The most common reverse mortgages found on the market today are known as Home Equity Conversion Mortgages (HECMs), which are backed by the Federal Housing Administration.

There are many advantages to a HECM reverse mortgage:

  • Unlike a traditional “forward” mortgage, HECMs do not require borrowers to make monthly mortgage payments. Rather, in a reverse mortgage you receive payment from the lender via your home equity.
  • The loan proceeds are tax-free and there are no restrictions on how you may choose to spend the money. That means you can use funds from a reverse mortgage to pay for medical expenses, home improvement projects, take a vacation, or however you may like.
  • You or your heirs will never owe more on the loan than the value of the home when the loan comes due.
  • You retain home ownership and get to keep living in your home.

It is important to note that while you may not be making monthly payments with a reverse mortgage, as you would with a traditional mortgage loan, you are still responsible for paying property taxes and insurance associated with your home.

Disadvantages include:

  • Possible reduction in the estate available to your heirs. Many retirees wish to pass on their homes to their heirs. You can do this with a reverse mortgage, but your heirs must pay off the loan and usually do this by selling the house. Heirs will never owe more than the value of the home (losses are covered by the federal government) are allowed to keep any equity left in the home.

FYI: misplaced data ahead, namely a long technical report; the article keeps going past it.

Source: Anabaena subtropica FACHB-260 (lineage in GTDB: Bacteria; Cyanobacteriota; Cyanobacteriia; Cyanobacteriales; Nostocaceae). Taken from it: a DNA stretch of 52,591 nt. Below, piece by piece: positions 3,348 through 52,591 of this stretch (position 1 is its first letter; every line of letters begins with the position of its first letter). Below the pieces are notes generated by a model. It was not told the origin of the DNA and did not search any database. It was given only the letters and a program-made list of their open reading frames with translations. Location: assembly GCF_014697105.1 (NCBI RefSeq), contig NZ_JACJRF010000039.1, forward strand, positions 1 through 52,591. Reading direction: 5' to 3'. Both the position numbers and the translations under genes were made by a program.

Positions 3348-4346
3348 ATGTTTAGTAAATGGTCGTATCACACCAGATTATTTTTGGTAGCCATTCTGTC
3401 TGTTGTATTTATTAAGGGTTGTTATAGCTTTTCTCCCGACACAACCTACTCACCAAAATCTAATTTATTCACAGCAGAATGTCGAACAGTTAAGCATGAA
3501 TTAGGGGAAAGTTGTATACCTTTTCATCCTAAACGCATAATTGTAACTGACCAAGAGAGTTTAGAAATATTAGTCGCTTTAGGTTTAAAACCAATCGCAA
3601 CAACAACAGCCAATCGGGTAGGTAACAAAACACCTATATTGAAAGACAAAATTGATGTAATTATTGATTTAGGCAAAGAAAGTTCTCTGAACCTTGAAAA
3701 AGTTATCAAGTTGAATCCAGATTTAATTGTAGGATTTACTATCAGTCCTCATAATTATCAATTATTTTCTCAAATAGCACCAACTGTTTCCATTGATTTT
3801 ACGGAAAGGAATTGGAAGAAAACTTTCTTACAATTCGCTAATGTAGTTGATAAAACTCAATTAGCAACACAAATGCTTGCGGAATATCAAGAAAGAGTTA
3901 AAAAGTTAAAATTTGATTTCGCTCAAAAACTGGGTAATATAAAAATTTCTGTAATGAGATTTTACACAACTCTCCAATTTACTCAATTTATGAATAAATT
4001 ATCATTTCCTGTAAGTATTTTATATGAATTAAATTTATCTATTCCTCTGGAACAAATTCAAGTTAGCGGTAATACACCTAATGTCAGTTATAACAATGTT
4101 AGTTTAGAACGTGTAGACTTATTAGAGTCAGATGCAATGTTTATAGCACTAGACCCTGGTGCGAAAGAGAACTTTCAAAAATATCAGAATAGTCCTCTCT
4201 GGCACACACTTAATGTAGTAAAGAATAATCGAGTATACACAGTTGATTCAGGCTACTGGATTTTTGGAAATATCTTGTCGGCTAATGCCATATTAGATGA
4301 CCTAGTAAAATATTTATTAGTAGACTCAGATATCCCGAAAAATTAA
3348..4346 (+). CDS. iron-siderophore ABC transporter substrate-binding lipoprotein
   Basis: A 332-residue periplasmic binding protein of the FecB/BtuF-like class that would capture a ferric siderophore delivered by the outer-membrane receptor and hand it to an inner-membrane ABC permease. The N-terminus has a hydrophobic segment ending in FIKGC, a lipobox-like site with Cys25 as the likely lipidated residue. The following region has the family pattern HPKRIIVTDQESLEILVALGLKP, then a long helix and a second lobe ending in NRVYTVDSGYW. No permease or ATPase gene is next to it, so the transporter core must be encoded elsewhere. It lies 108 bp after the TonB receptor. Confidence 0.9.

• Up front insurance and fees can be higher than those paid in home equity loans.

Learn more about pros and cons of reverse mortgages.

Is a Reverse Mortgage a Good Back Up Plan for You?

“If all of your net worth is tied up in your home, a reverse mortgage might be a good opportunity for you to be able to live the lifestyle you want to live in retirement, all while staying in your home,” Bucher says.

The amount of proceeds you may be eligible to receive from your reverse mortgage depends on your age, current interest rates, the value of your home and your spouse’s age (if applicable).

Estimate your reverse mortgage loan amount today and start assessing your back up plan options.